You might expect the mainstream film debut of well-known porn star Sasha Grey, in which she plays a high-priced Manhattan call girl, to be all about sex. But director Steven Soderbergh rarely does the expected, and he makes The Girlfriend Experience, for all its bed-hopping, a movie not about sex but about anxiety. Not even sexual anxiety, exactly—for its first half at least, Girlfriend seems to be primarily about economic anxiety, an extremely of-the-moment concern that already feels slightly dated (the movie takes place about a month before the 2008 presidential election). As Grey’s Christine (or Chelsea, as she’s known to her clients) moves from one encounter to another, which Soderbergh lays out in a nonlinear, impressionistic fashion, nearly everyone she interacts with expresses worry about the impending financial collapse. Although Christine, too, is concerned about money, and takes advice from some of her clients, she remains aloof, above these material concerns, and Soderbergh accordingly presents her story with a level of detachment that can seem cold and impersonal.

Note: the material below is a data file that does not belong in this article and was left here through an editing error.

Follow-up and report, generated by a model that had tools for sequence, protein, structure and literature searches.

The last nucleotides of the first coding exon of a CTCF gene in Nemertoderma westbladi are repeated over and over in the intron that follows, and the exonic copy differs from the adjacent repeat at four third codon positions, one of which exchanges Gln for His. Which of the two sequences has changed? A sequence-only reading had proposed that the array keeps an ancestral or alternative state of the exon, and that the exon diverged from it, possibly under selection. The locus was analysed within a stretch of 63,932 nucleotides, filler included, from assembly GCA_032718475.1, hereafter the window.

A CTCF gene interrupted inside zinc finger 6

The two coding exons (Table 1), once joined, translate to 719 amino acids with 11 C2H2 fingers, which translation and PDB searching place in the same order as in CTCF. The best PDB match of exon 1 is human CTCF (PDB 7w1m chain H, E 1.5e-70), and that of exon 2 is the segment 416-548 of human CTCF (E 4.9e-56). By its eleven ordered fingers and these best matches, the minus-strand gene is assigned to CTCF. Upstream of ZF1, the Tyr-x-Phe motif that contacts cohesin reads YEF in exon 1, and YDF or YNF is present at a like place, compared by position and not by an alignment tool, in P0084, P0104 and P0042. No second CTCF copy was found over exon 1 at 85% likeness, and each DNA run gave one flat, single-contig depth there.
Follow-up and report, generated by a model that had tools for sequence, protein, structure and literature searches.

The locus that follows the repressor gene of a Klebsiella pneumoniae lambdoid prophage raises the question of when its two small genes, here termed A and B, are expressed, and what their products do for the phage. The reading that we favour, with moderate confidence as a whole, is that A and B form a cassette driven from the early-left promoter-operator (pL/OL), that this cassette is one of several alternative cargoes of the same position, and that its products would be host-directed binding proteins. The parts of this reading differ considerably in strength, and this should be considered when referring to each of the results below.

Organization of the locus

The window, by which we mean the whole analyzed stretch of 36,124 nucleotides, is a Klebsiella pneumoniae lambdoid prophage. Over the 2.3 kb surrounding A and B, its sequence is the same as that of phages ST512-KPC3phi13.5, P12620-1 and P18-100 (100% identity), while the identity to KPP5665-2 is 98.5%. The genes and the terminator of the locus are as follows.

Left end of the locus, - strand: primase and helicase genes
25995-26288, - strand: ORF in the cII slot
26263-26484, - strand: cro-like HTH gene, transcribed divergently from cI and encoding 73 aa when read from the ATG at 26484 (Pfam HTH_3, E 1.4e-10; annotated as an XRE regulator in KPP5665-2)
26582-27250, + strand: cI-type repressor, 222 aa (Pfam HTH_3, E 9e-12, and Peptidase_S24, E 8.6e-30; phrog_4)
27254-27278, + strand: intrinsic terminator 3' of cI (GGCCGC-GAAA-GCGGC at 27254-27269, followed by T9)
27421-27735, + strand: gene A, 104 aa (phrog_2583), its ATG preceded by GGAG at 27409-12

This is a movie about someone who’s cold and impersonal, however, which is often frustrating, but director and star work well together to present that united front. Grey’s performance is reserved seemingly to the point of inertness at times, but every so often Soderbergh will catch her eyes and you’ll witness more going on behind them than is ever presented in dialogue or action. With the jumbled plot (which, laid out end to end, would probably come off as rather mundane and uninspired) and carefully composed images (Soderbergh, as usual, serves as his own cinematographer), Girlfriend might have worked better as a series of art photographs than as a movie, but it does build a certain mood of uneasiness over its short (less than 80 minutes) running time.
That mood comes at the expense of any emotional involvement, though, and the fractured structure means that even the simple plot can be difficult to piece together (and not necessarily worth the effort). Many of the individual themes just peter out, although Christine’s complex relationship with her boyfriend (a personal trainer, selling himself in a different fashion) and frustrated higher ambitions are accorded a certain poignancy. Still, by the end, when Christine experiences moments of real devastation, Soderbergh hasn’t established the kind of connection necessary to make them mean anything. Like his heroine, he stays above the fray, delivering an aesthetically pleasing experience that nevertheless feels lacking in conviction.